Please let us know your routine for practicing when you are getting ready for a test and when you are just working on your karate. Post your comments in the section below.  See you in class soon.


What is Your Favorite Strike?

Today we did open hand strikes in class. Sensei Mae and I probably enjoy a good back fist more than any other strike. It was great that we got in several back fists today and kept alive the streak of participating in the 10 strikes a day challenge. We were practicing referencing and moving up and down the dojo floor with the back fist.

Sensei Mae Backfist Prep

Sensei Mae getting ready for her favorite strike

Of course the reason to have a favorite strike or strikes is to use it in self-defense or fighting. I have worked on a two strikes and one kick combination for sparring so I would always have a “go to” move. Like our self-defense on the tests at our dojo, this repetition allowed us to relax more in a fight. When I am more relaxed in a fight (which is not too often) I fight better. Having a favorite strike or two really is a benefit to my martial arts career.

Sensei Mae Backfist

Sensei Mae lands a back fist on the bag as part of the 10 strike challenge.

Today we did open hand strikes including ridge hand and shuto. Our sensei reminded us that the open hand strikes were the most dangerous. We used Muay Thai pads in class today as a part of the drills. Ridge hand is very dynamic and we enjoyed using the pads. We always learn how to block a strike when holding the pad for our partner in the drill. It was a great lesson in the techniques we practiced today.

We were reminded that in a fight, the open hand strikes may be deadly, so please be careful when practicing on your friends. A good pad holder for the drill makes the drill a success. After several rounds of ridge hand and shuto, we performed them in combination. Our sensei shared with us that we could first break the opponent’s weapon, like their arm…and then attack the body. The combination techniques were fun to execute with our partners.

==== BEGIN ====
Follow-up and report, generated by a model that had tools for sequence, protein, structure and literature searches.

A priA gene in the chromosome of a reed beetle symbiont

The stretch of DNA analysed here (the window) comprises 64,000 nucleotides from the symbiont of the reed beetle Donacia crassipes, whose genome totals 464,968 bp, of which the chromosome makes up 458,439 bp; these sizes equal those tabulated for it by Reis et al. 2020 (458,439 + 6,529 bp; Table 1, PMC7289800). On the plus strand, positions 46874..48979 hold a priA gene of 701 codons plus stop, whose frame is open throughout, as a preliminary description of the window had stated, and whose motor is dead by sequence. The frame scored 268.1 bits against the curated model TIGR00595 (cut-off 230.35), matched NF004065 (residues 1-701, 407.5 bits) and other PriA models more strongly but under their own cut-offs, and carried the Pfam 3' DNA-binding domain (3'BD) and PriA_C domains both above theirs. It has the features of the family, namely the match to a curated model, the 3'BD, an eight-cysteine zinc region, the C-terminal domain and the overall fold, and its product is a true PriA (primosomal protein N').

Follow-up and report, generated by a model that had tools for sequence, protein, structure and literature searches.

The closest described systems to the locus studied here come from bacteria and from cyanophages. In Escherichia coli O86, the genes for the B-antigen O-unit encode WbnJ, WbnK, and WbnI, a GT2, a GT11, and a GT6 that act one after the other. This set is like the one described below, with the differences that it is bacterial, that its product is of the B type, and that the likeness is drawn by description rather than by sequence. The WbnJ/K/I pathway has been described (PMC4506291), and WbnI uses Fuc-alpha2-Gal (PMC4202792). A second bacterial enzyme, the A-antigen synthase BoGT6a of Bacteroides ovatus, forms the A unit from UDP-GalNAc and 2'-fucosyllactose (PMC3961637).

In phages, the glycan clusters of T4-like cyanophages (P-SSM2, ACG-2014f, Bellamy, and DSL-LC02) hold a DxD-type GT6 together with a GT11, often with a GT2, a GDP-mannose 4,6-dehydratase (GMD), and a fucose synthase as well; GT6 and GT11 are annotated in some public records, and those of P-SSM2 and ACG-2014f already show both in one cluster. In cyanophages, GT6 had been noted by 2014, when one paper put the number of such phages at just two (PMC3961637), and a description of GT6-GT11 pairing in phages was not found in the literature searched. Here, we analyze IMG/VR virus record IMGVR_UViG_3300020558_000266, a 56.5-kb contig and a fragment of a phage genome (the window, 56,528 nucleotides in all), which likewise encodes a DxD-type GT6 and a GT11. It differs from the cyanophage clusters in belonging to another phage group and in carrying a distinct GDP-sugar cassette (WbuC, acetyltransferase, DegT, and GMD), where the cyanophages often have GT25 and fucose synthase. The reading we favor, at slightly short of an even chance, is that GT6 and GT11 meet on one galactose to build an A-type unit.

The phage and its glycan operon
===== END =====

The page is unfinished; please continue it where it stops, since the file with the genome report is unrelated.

How are you doing on the 10 strikes a day challenge? In last week’s post we were challenged to get back to the roots of karate. I have met my daily quota for striking; it was easy to make 10 once I was at the bag, so I added more strikes than the challenge called for each day. Karate is fun! It is great to go home after work and in a safe place be challenged to hit things.

In my week with the challenge I have begun to notice that my kata is getting better when I need to throw a punch. This may have been what sensei had in mind when he issued the challenge. Of course our strikes in kata are not on the bag as the challenge has us practice. I can see the benefit for my kata in the challenge by concentrating on my strikes. How about your kata practice? Did it benefit from the challenge?

In class today I was instructed, I instructed others and I watched others perform. At the class prior to the adult class, several of our kids were performing a complicated bo kata with varying levels of proficiency. It is so great to see the kids’ progress and learn almost in front of us as the class progresses. I look at them and know that I look like the class participants in learning my most recent kata. We all go through this process of learning a new skill.

Hope you had a good class. I know that I enjoyed the class today. Please let us know your favorite strike in the comment section. I wanted to say hi to our Sensei Mark P who is with the Army stationed in Germany. I know he has a favorite strike. How about you?

See you in class soon.

Ancient Drills

Do you know any ancient drills? I am surprised that I do know some. Of course I was not aware that I knew any until we were in the middle of a blocking exercise and our Sensei said “you know that this is from an ancient drill…” Of course we did not know. We did appreciate Sensei asking the question.